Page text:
It’s Coq-a-leeky Time

houseleekHooray .It’s coq-a-leeky time. For the past several years my friend House and I go out to our secret spot in a nearby woods and harvest wild leeks.  They grow three quarters of the way down a steep hill so the element of danger grows stronger every year with aging limbs.  Let me tell you, it’s damn hard using a shovel on a steep hill when you can’t balance on one leg.  Jeanine’s advice as I was leaving “try not to fall down the hill”  Exactly.  I had my cell phone with me but realized that if either of us went down there would be no immediate rescue. We made a pact to leave the fallen man behind and press on should disaster strike.  The soil was wet this year, so it was an easier job digging them out.  It only took us about an hour to fill our recyclable shopping bags.

When we had successfully dragged ourselves back up the incline we paused to sit on a fallen tree and observe the moment.  We discussed as we always do how it would be great to build a camping platform at this spot and retreat here when our “other” worlds became too much.  The annual pipe dream. As the sun filtered through the trees we watched the dogs for awhile as they ran around with noses to the ground.  Then, as every year we validated the ritual as something important to us that we will repeat faithfully for as long as we are able. Pause. Time to make our way back through the difficult new growth.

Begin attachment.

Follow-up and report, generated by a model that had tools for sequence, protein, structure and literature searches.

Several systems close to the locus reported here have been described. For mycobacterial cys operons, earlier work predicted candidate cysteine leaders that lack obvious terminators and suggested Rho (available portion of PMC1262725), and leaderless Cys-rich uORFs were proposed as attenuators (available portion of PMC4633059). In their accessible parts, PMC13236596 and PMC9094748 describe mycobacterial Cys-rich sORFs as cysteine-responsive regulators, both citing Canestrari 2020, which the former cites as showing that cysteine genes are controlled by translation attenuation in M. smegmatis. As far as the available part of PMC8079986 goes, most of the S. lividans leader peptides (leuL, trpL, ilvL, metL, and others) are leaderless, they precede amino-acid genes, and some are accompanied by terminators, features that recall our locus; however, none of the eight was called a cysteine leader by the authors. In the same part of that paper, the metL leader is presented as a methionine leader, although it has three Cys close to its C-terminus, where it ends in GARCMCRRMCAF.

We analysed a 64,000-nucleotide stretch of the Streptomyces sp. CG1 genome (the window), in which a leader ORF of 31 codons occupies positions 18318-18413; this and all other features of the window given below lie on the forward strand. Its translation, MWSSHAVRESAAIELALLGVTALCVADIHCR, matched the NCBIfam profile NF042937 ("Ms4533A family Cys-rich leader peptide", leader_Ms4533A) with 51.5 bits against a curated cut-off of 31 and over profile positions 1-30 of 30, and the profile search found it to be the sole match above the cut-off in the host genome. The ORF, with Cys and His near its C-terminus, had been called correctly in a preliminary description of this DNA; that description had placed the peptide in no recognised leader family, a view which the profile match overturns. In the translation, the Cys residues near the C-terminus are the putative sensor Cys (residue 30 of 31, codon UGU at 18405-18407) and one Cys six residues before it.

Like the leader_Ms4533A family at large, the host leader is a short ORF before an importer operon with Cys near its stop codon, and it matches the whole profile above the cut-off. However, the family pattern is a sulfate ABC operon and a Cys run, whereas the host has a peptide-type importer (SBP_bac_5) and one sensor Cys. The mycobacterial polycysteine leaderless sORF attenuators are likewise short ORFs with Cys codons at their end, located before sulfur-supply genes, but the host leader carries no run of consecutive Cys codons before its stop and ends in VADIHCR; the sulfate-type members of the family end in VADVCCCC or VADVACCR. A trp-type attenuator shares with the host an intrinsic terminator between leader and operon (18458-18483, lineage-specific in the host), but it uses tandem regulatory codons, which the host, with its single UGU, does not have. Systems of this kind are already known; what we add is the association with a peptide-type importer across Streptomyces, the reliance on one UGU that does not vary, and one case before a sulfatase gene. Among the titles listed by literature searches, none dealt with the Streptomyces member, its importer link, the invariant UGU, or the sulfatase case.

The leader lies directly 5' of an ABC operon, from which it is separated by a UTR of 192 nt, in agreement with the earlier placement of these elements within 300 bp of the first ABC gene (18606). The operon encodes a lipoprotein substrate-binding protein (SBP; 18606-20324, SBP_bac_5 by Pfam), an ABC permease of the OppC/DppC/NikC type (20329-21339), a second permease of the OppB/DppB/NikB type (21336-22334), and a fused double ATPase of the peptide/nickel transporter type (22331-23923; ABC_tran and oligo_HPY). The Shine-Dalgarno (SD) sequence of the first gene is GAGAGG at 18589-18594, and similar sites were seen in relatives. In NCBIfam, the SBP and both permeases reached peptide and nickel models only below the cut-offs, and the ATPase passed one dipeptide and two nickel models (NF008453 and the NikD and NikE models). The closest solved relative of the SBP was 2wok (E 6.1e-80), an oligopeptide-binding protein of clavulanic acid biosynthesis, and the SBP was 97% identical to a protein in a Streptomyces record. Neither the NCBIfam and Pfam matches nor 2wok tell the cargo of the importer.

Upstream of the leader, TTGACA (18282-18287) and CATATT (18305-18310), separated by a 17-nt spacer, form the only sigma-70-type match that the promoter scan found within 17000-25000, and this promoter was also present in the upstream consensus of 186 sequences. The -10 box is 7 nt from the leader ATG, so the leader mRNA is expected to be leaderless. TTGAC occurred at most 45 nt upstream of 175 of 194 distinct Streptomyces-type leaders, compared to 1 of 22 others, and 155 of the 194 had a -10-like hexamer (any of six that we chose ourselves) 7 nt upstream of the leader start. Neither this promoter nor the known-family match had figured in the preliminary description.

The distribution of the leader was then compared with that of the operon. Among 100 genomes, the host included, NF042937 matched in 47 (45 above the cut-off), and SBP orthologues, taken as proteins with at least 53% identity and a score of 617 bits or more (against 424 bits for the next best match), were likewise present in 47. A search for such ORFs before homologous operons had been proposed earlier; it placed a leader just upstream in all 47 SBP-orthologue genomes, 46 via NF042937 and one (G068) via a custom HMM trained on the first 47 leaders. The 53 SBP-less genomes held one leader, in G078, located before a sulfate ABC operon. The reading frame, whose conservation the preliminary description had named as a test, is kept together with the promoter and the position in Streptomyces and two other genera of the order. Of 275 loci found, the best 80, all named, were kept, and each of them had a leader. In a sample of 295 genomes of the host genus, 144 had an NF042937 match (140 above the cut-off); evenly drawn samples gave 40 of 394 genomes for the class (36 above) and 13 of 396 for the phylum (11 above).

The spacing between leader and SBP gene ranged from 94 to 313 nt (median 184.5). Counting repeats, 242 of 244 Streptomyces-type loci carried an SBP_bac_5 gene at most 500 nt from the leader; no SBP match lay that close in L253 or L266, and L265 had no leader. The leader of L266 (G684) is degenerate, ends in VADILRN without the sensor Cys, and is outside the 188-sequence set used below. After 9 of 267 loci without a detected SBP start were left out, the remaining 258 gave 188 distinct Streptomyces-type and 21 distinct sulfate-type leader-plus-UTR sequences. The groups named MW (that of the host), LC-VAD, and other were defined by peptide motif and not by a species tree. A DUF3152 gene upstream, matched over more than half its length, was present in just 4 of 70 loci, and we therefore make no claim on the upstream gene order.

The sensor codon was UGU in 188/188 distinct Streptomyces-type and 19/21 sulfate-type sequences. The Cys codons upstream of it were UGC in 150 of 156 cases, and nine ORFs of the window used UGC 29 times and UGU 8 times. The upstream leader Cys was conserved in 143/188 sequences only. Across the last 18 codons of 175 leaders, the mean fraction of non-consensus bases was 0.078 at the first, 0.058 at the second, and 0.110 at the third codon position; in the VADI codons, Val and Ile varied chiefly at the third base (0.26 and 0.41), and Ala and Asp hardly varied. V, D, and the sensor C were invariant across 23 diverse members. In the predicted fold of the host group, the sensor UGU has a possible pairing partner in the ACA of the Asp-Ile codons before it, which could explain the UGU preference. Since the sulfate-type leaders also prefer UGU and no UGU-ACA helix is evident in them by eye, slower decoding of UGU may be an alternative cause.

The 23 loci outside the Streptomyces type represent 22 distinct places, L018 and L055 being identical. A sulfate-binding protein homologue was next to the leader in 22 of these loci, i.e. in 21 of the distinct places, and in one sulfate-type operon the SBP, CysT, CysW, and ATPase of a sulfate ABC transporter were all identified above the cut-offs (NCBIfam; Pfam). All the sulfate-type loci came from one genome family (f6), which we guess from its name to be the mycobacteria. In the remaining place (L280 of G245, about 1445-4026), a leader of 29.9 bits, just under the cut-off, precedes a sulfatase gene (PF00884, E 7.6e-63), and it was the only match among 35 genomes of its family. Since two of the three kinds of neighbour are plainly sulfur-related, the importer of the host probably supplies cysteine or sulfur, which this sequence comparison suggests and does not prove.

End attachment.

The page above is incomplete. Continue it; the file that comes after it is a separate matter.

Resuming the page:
It takes Jeanine a long time to clean the leeks, and take off the little hairy  bits on the ends,  but she doesn’t seem to mind.  We both know what’s coming.  That night we make our version of Coq-a-leeky soup, a perennial spring favourite of many cultures including the Scottish.  We get a pot of chicken broth simmering and drop in about 8 full cloves of garlic, and a couple of cut up potatoes. We let  that simmer until the potatoes are quite soft ( about 15 min).  Next we throw in the chopped up wild leeks (use everything) and give it about another 10 minutes.  A little pepper, or soya if want to give it an Asian flavour.  But not so much as to cover the subtle flavor of the leeks. No oil or fat is involved and we love the flavor.  Most importantly, it is an amazing spring tonic.  I notice I have  better energy the next morning.  Jeanine talks about how in France it is common for people to do a “cure” from time to time.  Short of an absolute fast which can be debilitating and potentially dangerous, they simply restrict themselves  for a few days to eating small amounts of only one simple, nutritious thing .  Some use fruit, others fish or vegetable stock, etc. Currently it is not the only thing we are eating so it can’t be considered a full cure, but we have been predominantly eating just the leek soup since, and will continue until it’s gone. By the way, we wrap the cleaned leeks in paper towels and store them in the crisper.  There are a lot of other creative and delicious ways to cook these little treasures.  I recommend trying to get your hands on some while they’re in season.  It’s worth the effort.